By Rosemary K. Otzman
The 6:30 p.m. Friday, Aug. 8, Thunder Over Michigan parade up Main Street in Belleville will feature a mass flyover of 20 warbirds, the Belleville City Council was told July 21 at its regular meeting.
Aaron Peters, filling in for Michael Luther, Air Show Director for the Yankee Air Museum, said they usually have a few old planes fly over the annual parade in Belleville, but this year they are trying to do a mass flyover of 20 warbirds.
Originally scheduled were the WWII T-6 “Texan” Trainer Formation Team and the Yankee Air Museum’s WWII B-25 “Mitchell” Bomber.
The rest of the parade schedule is the same as in previous years, he said, adding there will be no vehicles with metal tracks unless they are covered with rubber shields.
There will be rolling street closings for the parade which brings World War II U.S. and German military vehicles to town along with re-enactors in costume.
The plan is for them to leave Willow Run Airport and to roll into town around 6:30 p.m. for staging at Victory Park. Then the parade will head up Main Street to High Street where it will stage for a while between Main and Roys streets before heading back to Willow Run Airport and the air show at about 7:15 p.m..
Councilman Tom Fielder said this is another example of the more than 100 days of special events the city of Belleville is offering to the community this year.
In other business at the 50-minute meeting, the council:
• Set a public hearing at 7:30 p.m. Aug. 18 to get input on the new Sign Ordinance. Copies of the ordinance are available at city hall for study;
• Heard a request from Michelle Naser of the Michigan Ovarian Cancer Alliance to tie teal-colored ribbons to the lampposts along Main Street as part of the “Turn the Town Teal” campaign and place 4-6 signs downtown for the month of September. Councilman Fielder voiced concern about the ribbons that will look worn toward the end of September after being battered by winds and weather. If the city approved this, he said, it also would be a signal for others to tie things on the poles. “It’s an opening-the-door thing,” said Councilwoman Kim Tindall. “There are a lot of worthwhile organizations.” The council suggested Naser ask business owners to put the ribbons on their property and in private trees. Members of the audience suggested putting the message on the community events sign and the sign at the high school. “Council will do whatever it can to facilitate the teal ribbons,” Fielder said;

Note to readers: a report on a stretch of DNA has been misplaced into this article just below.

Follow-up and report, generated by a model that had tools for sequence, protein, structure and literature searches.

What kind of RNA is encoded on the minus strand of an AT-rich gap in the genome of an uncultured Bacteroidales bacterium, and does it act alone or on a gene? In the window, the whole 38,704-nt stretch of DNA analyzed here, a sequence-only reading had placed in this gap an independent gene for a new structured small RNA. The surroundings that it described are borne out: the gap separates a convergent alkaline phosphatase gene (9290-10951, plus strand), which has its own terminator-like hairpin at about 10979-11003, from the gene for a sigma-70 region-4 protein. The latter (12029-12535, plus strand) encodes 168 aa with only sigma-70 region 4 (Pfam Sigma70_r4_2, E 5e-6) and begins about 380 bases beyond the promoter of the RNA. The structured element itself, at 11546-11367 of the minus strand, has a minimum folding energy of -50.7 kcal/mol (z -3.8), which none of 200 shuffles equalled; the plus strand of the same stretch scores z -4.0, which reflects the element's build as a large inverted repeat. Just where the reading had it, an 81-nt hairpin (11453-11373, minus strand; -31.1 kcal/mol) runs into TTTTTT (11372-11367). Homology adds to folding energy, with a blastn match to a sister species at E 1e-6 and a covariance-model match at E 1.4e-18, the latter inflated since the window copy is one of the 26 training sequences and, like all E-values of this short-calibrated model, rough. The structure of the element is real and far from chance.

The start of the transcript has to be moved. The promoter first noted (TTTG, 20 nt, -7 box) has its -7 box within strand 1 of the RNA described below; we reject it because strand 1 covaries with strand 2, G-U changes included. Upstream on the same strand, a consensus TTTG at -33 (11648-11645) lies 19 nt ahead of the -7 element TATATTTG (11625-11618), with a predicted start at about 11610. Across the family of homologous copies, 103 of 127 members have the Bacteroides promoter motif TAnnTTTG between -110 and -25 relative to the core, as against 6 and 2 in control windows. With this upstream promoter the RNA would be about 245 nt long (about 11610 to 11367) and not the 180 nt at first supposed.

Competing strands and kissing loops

• Approved the request of Terri Morioka of First United Methodist Church to close Roys Street between Charles and Church to allow the church to have a Summer Sizzler family picnic from 5-7 p.m. on Saturday, July 26, on the lawn and adjoining street. There will be about 30 to 40 children involved and the church parking lot is not suitable because it has just been repaved and, “It stinks,” she said. Artaffair on Main will be going on that day and Main Street will be closed down, so there was some discussion about motorist and emergency access to the area;
• Approved the 2015 Annual Implementation Plan of The Senior Alliance;
• Approved accounts payable in the amount of $103,395.19 and the following departmental purchases in excess of $500: to C.M.P. Distributors, $1,784.68 for police uniforms; to Oakland County Treasurer, $2,382 for police membership in CLEMIS; to Osborne Concrete, $603 for concrete in the cemetery; to SLC, $4,963.34 for new water meters; and to UMS, $3,156.83 for sewer repair;
• Heard City Manager Diana Kollmeyer report that she talked to the Postmaster and he suggested leaving the mailboxes where they are in Harbour Pointe, rather than moving them, and to post no parking on one side of the street, as desired, to provide space for emergency vehicles to enter. “It may not be an issue,” said Mayor Kerreen Conley, who has been considering for a few years solutions to the parking problem in the subdivision in which she lives; and
• Discussed encouraging people to plan ahead for events and to clear them through the city well ahead of time to avoid conflicts. The discussion was brought on by the church’s Monday request for a street closing on Saturday.
By Rosemary K. Otzman